Future of Ross House uncertain due to lack of city support, say caretakers

The caretakers of a city-owned Point Douglas museum say they can no longer afford to run the historic site due to a lack of funding.

Manitoba Historical Society says it won't run city-owned museum anymore, gives city 60 days notice

Ross House in the North Point Douglas neighbourhood. (Jaison Empson/CBC)

The caretakers of a city-owned Point Douglas museum say they can no longer afford to run the historic site due to a lack of funding.

The Manitoba Historical Society says it has given the City of Winnipeg 60 days notice that it plans to terminate its agreement to run Ross House.

The issue comes down to funding and finding dedicated staffing, said MHS president Gordon Goldsborough.

"The money that the city has given us has, unfortunately, not increased," said Goldsborough. "We used to be able to [run the museum] on a revenue-neutral basis to the society. Now we lose [about $2,000 annually.] We're a small society. We can't afford to lose money on something like this."

The historical society was also recently informed that the current curator, Victor Suelo, plans to retire, said Goldsborough.

"If it weren't for him, it would have closed long ago," said Goldsborough. "The difficulty then is to find someone else who has the same passion, who has the same ability."

Ross House, which was constructed in the 1850s, was the first post office in Western Canada and is one of the last examples of Red River frame architecture in the city, said Goldsborough. 

Point Douglas Residents Association chair Sel Burrows says the association is prepared to help, rather than see Ross House shut down. (Jaison Empson/CBC)

The house was saved from demolition and has been moved several times. It currently sits in Joe Zuken Heritage Park, in the North Point Douglas neighbourhood, and is only open in the summer. It has also been the target of vandalism in the past, Goldsborough said.

"Occasionally we get problems. We get vandalism, we get people that … sleep on the property at night. They will sometimes leave refuse behind," Goldsborough said.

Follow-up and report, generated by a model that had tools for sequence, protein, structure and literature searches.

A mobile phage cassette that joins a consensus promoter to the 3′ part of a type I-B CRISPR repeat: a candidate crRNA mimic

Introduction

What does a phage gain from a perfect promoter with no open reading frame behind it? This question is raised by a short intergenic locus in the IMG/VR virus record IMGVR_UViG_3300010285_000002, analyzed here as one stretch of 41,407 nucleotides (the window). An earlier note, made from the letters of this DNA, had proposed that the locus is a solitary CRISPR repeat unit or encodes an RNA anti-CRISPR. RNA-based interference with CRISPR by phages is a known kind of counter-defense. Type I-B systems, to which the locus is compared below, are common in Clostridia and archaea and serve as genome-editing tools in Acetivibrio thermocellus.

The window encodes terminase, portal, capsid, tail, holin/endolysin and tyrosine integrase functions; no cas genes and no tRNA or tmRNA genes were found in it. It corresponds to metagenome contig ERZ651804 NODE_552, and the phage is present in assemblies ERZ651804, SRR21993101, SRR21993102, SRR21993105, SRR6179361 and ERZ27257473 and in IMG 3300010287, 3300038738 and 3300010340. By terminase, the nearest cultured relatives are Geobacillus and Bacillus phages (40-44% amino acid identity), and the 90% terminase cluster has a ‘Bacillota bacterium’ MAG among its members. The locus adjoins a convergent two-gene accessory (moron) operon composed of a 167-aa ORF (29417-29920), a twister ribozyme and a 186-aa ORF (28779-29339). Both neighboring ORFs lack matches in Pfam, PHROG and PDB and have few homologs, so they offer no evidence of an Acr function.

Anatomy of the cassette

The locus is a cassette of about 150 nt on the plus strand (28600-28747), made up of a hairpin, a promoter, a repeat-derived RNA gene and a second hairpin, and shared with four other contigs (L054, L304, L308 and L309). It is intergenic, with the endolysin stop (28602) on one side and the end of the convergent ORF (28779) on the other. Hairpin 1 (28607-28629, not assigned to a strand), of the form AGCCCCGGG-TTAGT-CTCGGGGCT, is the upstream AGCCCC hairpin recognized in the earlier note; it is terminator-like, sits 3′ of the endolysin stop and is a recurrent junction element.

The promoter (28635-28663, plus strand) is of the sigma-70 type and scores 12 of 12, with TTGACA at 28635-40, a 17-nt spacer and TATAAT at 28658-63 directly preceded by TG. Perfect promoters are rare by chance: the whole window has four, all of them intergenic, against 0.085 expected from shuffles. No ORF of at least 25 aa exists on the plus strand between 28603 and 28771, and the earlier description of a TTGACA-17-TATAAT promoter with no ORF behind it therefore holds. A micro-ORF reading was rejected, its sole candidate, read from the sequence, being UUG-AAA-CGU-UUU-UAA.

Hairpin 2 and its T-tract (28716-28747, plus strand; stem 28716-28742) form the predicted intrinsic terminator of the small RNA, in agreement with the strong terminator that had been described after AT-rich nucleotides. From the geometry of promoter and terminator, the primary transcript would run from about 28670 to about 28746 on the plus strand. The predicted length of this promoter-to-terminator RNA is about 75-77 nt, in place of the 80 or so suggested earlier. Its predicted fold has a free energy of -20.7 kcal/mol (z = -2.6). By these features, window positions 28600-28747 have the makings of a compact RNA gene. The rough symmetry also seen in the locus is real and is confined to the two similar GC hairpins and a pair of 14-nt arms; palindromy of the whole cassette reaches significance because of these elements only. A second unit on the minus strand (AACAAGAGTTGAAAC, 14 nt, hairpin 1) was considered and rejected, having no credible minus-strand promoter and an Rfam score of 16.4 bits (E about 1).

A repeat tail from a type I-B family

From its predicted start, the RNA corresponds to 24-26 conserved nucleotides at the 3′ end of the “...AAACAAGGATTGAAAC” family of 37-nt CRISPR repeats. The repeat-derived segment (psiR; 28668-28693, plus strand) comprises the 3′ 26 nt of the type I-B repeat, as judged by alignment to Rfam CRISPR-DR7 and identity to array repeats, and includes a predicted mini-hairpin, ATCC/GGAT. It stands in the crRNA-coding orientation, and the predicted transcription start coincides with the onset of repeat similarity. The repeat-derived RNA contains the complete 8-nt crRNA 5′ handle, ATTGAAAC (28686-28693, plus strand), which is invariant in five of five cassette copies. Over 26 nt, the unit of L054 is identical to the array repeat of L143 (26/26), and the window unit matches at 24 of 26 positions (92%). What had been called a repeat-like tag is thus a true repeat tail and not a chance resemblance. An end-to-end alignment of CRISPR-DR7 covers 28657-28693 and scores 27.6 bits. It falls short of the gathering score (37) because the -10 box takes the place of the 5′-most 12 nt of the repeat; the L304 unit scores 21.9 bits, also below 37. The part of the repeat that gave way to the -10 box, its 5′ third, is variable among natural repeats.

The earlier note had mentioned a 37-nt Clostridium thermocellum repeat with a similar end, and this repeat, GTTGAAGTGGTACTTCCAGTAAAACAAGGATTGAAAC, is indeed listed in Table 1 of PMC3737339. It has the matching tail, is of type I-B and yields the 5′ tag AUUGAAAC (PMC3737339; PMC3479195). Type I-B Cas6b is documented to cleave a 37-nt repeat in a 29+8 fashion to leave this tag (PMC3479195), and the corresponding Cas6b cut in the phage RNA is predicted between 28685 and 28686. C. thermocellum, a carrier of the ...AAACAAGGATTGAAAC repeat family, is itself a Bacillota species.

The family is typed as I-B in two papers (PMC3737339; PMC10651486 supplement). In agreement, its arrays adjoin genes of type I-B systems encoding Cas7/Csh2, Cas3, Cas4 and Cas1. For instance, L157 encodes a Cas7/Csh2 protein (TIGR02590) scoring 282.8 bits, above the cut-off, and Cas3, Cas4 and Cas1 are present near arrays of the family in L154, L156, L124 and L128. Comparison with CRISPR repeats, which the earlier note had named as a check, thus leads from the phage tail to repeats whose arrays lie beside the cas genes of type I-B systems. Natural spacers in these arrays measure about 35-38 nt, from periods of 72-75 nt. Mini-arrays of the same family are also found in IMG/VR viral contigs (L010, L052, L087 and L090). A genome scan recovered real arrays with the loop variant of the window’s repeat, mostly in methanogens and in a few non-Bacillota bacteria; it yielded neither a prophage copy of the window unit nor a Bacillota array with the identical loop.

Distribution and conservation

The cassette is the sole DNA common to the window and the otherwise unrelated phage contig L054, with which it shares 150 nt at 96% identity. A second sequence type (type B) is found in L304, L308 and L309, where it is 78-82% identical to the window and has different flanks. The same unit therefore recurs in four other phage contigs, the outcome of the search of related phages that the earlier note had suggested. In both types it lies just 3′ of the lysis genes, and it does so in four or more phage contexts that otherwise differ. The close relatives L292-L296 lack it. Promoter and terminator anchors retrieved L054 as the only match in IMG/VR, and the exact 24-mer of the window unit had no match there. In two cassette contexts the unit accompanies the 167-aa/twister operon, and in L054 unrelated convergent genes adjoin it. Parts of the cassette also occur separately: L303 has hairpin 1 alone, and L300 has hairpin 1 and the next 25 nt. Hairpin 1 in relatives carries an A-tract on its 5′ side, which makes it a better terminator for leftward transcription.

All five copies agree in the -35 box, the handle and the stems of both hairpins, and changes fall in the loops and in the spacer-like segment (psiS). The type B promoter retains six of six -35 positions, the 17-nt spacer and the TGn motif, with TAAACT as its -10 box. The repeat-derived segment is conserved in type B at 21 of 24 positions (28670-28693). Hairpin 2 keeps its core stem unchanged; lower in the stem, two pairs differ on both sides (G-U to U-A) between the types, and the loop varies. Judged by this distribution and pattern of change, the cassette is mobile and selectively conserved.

"That's just part and parcel with operating in certain parts of the city. And Victor's been fabulous at being able to deal with that, but we just haven't been able to find somebody to take over from him."

The MHS has tried to communicate its needs to the City of Winnipeg, said Goldsborough, but has yet to hear any replies to requests for more funding.

"Even before the decision to close it, we had expressed to the city our concern that the fact that the grant that we were given simply wasn't adequate to cover costs. And we never got a reply. So in the end we just had no alternative but decide to close it.

Sel Burrows on Ross House

5 years ago
Duration 0:23
The caretakers of a city-owned Point Douglas museum say they can no longer afford to run the historic site due to a lack of funding.

"The communication really has been one-way. We've been trying to communicate and the city hasn't been responding."

The city confirmed it has received notice the MHS is terminating the agreement.

"The City of Winnipeg values its historic properties and their importance to the community," a spokesperson for the city said in an email.

"We are currently reviewing the Manitoba Historical Society's letter and considering next steps regarding the maintenance and operation of Ross House."

Blow to the neighbourhood

To lose the museum would be a blow to the neighbourhood, said Sel Burrows, chair of the Point Douglas Residents Committee.

"It's part of the ethos of North Point Douglas," he said. "It provides a very positive influence, it's part of their green space, it brings people to see our wonderful community.

"It has historical artifacts inside there that go back to, well, Lord Selkirk settlers."

The residents committee is prepared to raise money to cover the shortfall, said Burrows, but he added he believes the issue is more than just the money.

"I suspect the real issue is people involved in things like the historical society are mostly middle-class, from nice communities and they find our community a little rough."

Burrows said his group has not been contacted by the MHS or the city about helping to keep the site going.

"We could help them. We could make this even more dynamic than it is," he added, gesturing to Ross House. "We feel abandoned when people close something important to our community."

With files from Radio Noon and Jaison Empson